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Listed 7 sub titles with search on: Information about the place for wider area of: "FTHIOTIS Ancient country FTHIOTIDA" .


Information about the place (7)

Ancient cities non located

HELLAS (Ancient city) FTHIOTIS

Hellas

It was located between the rivers Enipeus and Asopus and was the seat of Achilles, who, afterwards, named Hellas the whole country.


Greek & Roman Geography (ed. William Smith)

FTHIOTIS (Ancient country) FTHIOTIDA

Phthiotis

  Phthiotis (Phthiotis), inhabited by the Achaean Phthiotae (Achaioi Phthiotai), under which name they are usually mentioned as members of the Amphictyonic league. This district, according to Strabo, included the southern part of Thessaly, extending from the Maliac gulf on the E. to Dolopia and Mount Pindus on the W., and stretching as far N. as Pharsalus and the Thessalian plains. (Strab. ix. p. 430.) Phthiotis derived its name from the Homeric Phthia (Phthie, Il. i. 155, ii. 683), which appears to have included in the heroic times not only Hellas and Dolopia, which is expressly called the furthest part of Phthia (Il. ix. 484), but also the southern portion of the Thessalian plain, since it is probable that Phthia was also the ancient name of Pharsalus. (Leake, Northern Greece, vol. iv. p. 484, seq.)

This text is from: Dictionary of Greek and Roman Geography (1854) (ed. William Smith, LLD). Cited June 2004 from The Perseus Project URL below, which contains interesting hyperlinks


MALIIS (Ancient area) FTHIOTIS

Malis

  Malis (he Malis ge; Melis Herod. vii. 198: Eth. Malieus Melieus), a small district of Greece, at the head of the Maliac gulf, surrounded on all sides by mountains, and open only in the direction of the sea. The river Spercheius flowed through it. The limits of Malis are fixed by the description of Herodotus. It extended a little north of the valley of the Spercheius to the narrowest part of the straits of Thermopylae. Anticyra was the northernmost town of the Malians (Herod. vii. 198); the boundary passed between Lamia and Anticyra. Anthela was their southern-most town (vii. 176, 200). Inland, the Anopaea, the path over Mount Oeta, by which the Persians turned the army of Leonidas, in part divided the territory of the Trachinian Malians from that of the Oetaeans (vii. 217). According to Stephanus B. (s. v. Malieus), the Malians derived their name from a town Malieus, not mentioned by any other ancient author, said to have been founded by Malus, the son of Amphictyon. The Malians were reckoned among the Thessalians; but although tributary to the latter, they were genuine Hellenes, and were from the earliest times members of the Amphicytonic council. They were probably Dorians, and were always in close connection with the acknowledged Doric states. Hercules, the great Doric hero, is represented as the friend of Ceyx of Trachis, and Mount Oeta was the scene of the hero's death. Diodorus (xii. 59) even speaks of Trachis as the mother-town of Lacedaemon. When the Trachinians were hard pressed by their Oetaean neighbours, about the commencement of the Peloponnesian War, they applied for assistance to the Spartans, who founded in consequence the colony of Heracleia near Trachis. (Thuc. iii. 92.)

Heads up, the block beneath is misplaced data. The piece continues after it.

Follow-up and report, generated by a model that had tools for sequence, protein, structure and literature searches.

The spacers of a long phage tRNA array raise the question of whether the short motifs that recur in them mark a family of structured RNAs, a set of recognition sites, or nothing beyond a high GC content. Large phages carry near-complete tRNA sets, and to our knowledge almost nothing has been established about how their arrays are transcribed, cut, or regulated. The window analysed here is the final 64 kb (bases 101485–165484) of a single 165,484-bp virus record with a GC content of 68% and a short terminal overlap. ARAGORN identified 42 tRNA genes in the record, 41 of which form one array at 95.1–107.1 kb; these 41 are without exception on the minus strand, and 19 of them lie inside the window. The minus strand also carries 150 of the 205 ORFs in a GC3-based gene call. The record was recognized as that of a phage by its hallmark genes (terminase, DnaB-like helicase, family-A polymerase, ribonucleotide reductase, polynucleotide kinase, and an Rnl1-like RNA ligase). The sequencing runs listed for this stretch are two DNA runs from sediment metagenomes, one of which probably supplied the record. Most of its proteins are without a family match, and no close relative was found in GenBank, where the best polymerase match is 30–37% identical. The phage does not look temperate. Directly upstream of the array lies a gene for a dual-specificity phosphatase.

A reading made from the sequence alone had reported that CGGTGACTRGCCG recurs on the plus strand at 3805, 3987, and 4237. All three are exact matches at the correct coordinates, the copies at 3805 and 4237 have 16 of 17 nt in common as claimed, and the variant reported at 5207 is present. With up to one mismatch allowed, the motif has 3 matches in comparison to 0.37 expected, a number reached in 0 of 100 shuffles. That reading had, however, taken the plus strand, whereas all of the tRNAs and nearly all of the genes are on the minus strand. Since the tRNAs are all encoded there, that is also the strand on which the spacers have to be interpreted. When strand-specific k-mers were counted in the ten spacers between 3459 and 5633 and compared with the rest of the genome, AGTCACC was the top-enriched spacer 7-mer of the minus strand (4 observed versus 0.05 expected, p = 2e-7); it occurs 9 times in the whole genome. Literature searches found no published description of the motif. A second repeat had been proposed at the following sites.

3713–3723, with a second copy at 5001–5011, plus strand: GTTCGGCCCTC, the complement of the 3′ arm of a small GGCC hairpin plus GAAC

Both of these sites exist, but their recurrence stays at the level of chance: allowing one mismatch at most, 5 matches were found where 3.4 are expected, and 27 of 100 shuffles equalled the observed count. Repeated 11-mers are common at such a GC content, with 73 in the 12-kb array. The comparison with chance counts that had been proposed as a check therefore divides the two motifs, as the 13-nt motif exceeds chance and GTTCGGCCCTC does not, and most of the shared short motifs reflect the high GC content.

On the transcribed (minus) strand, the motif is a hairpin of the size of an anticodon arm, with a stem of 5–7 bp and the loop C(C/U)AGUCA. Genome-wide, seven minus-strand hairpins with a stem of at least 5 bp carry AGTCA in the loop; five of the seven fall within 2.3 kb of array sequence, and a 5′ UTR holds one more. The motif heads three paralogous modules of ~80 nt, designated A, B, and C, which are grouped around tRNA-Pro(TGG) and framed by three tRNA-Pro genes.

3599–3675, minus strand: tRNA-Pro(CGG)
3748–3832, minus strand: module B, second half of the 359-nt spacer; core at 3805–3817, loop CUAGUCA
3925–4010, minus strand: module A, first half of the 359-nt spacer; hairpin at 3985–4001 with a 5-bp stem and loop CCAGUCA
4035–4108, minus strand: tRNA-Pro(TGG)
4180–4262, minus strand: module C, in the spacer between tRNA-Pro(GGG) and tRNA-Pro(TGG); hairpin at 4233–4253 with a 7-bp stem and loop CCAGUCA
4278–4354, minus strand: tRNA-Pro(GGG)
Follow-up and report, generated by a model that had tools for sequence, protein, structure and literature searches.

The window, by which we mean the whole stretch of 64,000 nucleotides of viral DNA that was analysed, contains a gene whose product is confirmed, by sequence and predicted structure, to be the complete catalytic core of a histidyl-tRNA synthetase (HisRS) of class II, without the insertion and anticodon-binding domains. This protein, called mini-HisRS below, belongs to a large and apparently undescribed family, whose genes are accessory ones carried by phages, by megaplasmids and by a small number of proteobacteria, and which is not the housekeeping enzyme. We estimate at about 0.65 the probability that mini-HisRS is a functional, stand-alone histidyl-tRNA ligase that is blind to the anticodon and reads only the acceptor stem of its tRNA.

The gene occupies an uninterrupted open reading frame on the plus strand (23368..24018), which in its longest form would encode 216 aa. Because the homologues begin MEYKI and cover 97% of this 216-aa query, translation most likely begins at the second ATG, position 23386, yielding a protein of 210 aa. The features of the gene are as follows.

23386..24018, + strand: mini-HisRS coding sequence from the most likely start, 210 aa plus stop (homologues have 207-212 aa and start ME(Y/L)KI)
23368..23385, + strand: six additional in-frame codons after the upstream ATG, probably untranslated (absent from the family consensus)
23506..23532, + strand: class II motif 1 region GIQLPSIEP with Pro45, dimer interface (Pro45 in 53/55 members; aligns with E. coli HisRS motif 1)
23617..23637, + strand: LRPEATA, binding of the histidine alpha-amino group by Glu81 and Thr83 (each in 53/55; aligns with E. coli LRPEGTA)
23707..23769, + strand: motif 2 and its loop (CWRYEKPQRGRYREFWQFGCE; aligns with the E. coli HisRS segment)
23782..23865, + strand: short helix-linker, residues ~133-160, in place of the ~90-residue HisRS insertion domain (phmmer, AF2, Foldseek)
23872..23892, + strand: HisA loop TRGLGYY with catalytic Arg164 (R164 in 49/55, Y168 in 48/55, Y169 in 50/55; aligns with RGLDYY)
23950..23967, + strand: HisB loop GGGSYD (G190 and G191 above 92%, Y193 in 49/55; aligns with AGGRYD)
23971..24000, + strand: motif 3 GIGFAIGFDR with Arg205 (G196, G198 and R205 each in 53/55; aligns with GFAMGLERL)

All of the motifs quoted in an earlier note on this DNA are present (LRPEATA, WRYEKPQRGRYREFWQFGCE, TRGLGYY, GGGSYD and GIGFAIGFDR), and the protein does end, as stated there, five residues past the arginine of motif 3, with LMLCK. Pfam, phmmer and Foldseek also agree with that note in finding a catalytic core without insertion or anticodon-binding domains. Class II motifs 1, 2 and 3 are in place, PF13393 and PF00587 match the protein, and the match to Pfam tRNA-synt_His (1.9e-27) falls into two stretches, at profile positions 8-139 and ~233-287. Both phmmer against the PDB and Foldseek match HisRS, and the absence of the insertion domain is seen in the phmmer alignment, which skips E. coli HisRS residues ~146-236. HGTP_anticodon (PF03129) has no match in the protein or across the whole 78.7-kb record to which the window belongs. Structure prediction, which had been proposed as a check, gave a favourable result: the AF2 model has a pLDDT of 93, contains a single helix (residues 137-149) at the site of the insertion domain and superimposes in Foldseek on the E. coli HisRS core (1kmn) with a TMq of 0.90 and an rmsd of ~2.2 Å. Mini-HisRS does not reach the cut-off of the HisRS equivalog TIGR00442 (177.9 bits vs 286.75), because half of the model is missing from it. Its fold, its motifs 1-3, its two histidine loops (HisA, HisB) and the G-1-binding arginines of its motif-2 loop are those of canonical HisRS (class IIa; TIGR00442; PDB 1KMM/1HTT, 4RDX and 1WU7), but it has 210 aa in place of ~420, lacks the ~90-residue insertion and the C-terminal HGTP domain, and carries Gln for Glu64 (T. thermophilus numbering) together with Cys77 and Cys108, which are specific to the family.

Scylax (p. 24), who is followed by Diodorus (xviii. 11), distinguishes between the Melieis and Malieis, the former extending along the northern coast of the Maliac gulf from Lamia to Echinus; but, as no other writer mentions these towns as belonging to the Lamians, we ought probably to read Damieis, as K. O. Muller observes. Thucydides mentions three divisions (mere) of the Malians, called Paralii (Paralioi), Priests (Hieres), and Trachinii (Trachinioi). Who the Priests were is a matter only of conjecture: Grote supposes that they may have been possessors of the sacred spot on which the Amphictyonic meetings were held; while Leake imagines that they were the inhabitants of the Sacred City (hieron hastu), to which, according to Callimachus (Hymn. in Del. 287), the Hyperborean offerings were sent from Dodona on their way to Delus, and that this Sacred City was the city Oeta mentioned by Stephanus B. The names of the Paralii and Trachinii sufficiently indicate their position. The Malians admitted every man to a share in the government, who either had served or was serving as a Hoplite (Aristot. Polit. iv. 10. ยง 10). In war they were chiefly famous as slingers and darters. (Thuc. iv. 100.)
  Trachis was the principal town of the Malians. There were also Anticyra and Anthela on the coast; and others, of which the names only are preserved, such as Colaceia (Theopom. ap. Athen. vi. p. 254, f.), Aegoneia (Lycophr. 903; Steph. B. s. v.), and Irus (Schol. in Lycophr. l. c.; Steph. B. s. v.). (Muller, Dorians, vol. i. p. 50; Grote, Greece, vol. ii. p. 378; Leake, Northern Greece, vol. ii. p. 20.)

This text is from: Dictionary of Greek and Roman Geography (1854) (ed. William Smith, LLD). Cited August 2004 from The Perseus Project URL below, which contains interesting hyperlinks


Harpers Dictionary of Classical Antiquities

FTHIOTIS (Ancient country) FTHIOTIDA

Phthiotis

A district in the southeast of Thessaly, bounded on the south by the Maliac Gulf, and on the east by the Pagasaean Gulf, and inhabited by Achaeans. Homer calls it Phthia, and mentions a city of the same name, which was celebrated as the residence of Achilles. Hence, the poets call Achilles Phthius heros, and his father Peleus Phthius rex.


Perseus Project

HELLAS (Ancient city) FTHIOTIS

Hellas


Perseus Project index

FTHIOTIS (Ancient country) FTHIOTIDA

Present location

EGONIA (Ancient city) FTHIOTIS

It is located in Malia, Thessaly.


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